Hundreds of Thais chanted at protests that popped up across Bangkok on Saturday in defiance of a crackdown on three months of demonstrations aimed at the government and the powerful monarchy.
After police used water cannon for the first time against a protest by thousands of people in central Bangkok on Friday, protesters agreed to assemble at different points across the city on Saturday.
Several hundred, many in black t-shirts, staged a rally at the Lat Phrao station in northern Bangkok. Protests were also reported from several other parts of the city as police said rail services were shutting in much of central Bangkok to thwart the demonstrations.
“Prayuth get out” the protesters chanted, in reference to Prime Minister Prayuth Chan-ocha, a former military ruler they accuse of engineering an election last year to prolong the hold of the army.
In a widening crackdown, police have arrested more than 50 people – including several protest leaders – in the past week.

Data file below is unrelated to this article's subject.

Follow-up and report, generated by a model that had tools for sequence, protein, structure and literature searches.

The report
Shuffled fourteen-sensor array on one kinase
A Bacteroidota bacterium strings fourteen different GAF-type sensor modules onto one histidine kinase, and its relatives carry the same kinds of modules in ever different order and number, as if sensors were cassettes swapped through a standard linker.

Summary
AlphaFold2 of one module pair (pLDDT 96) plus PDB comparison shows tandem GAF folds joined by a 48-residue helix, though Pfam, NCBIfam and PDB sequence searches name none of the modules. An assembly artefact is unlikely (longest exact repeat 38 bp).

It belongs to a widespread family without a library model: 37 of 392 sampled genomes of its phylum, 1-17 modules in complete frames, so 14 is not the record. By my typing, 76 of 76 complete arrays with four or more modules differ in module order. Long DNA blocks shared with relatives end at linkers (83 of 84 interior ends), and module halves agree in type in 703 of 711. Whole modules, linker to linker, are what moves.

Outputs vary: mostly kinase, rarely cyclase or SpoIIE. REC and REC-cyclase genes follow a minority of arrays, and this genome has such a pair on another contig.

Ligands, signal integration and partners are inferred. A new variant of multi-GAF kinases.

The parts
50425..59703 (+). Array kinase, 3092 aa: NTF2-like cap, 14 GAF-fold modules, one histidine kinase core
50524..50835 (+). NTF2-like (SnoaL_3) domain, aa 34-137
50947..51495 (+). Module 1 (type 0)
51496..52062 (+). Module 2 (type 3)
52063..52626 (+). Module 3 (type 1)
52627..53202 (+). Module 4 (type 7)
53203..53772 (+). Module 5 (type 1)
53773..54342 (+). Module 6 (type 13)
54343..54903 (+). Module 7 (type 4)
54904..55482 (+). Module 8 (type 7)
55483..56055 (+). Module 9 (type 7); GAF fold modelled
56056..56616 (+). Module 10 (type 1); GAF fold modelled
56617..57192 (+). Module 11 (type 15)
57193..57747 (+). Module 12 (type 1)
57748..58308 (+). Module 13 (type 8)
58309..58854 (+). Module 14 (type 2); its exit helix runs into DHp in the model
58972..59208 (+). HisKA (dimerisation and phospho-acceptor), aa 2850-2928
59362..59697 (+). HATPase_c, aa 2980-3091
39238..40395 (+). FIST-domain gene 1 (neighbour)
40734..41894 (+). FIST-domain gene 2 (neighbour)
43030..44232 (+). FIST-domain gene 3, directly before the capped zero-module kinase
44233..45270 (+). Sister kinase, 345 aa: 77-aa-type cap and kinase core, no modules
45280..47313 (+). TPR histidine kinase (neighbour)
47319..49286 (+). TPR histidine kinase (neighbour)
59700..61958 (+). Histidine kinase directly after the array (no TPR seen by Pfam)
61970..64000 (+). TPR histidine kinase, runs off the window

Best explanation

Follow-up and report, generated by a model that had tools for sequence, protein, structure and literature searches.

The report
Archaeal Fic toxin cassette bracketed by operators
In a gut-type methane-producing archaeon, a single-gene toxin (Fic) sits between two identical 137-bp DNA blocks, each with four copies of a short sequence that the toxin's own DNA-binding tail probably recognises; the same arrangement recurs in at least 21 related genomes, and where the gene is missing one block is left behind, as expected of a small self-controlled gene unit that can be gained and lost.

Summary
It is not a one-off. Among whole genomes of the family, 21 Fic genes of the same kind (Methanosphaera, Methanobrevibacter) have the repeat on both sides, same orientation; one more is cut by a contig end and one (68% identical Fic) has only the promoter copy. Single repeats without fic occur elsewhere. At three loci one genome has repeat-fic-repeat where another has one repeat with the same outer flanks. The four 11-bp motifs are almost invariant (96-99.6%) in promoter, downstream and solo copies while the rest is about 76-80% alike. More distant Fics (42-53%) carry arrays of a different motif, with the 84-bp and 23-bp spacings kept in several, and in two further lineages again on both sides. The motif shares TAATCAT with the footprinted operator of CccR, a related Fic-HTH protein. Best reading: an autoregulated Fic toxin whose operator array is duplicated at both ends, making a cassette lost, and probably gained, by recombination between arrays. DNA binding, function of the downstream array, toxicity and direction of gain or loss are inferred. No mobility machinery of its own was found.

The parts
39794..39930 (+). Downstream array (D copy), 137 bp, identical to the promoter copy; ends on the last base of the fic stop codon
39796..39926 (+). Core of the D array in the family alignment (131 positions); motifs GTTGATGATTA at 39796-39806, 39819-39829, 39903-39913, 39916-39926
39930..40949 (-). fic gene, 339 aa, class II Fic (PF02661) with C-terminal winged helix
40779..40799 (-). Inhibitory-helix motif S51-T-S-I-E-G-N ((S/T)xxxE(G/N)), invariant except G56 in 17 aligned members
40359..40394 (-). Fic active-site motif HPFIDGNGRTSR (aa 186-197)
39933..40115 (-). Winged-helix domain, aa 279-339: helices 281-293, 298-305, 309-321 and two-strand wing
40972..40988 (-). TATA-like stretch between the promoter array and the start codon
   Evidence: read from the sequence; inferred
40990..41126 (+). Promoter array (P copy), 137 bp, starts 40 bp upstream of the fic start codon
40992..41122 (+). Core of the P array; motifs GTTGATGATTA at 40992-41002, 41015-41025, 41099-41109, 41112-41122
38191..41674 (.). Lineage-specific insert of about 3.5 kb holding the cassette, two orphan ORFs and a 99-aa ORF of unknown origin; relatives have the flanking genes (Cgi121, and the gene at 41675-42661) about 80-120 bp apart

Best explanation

“Violent or not, all gatherings are illegal,” police spokesman Yingyos Thepjamnong told a news conference.
Government spokesman Anucha Burapachaisri told Reuters: “There is no win or lose for any side. It’s all damage to the country. The government would like to ask protesters to not gather and remain peaceful.”
On Thursday, it ordered a ban on protests which have become the biggest challenge in years to the government and have brought unprecedented criticism of King Maha Vajiralongkorn.
Immediately after the ban, tens of thousands of people protested in Bangkok in defiance. Thousands more rallied on Friday, pushing back against riot police who responded by firing chemically-laced water that was dyed blue.
“I condemn those who cracked down on the protesters and those who ordered it. You all have blood on your hands,” protest leader Tattep Ruangprapaikitseree, said after being freed on bail following his arrest on Friday.
Police said that their response to Friday’s protest had been proportionate and in line with international norms.
Protesters demand the removal of Prayuth, who first took power in a 2014 coup. He rejects protesters’ accusations that he engineered last year’s election to keep power. Breaking a longstanding taboo, protesters have also called for curbs on the power of the monarchy.
The Royal Palace has made no comment on the protests but the king said Thailand needed people who love the country and the monarchy.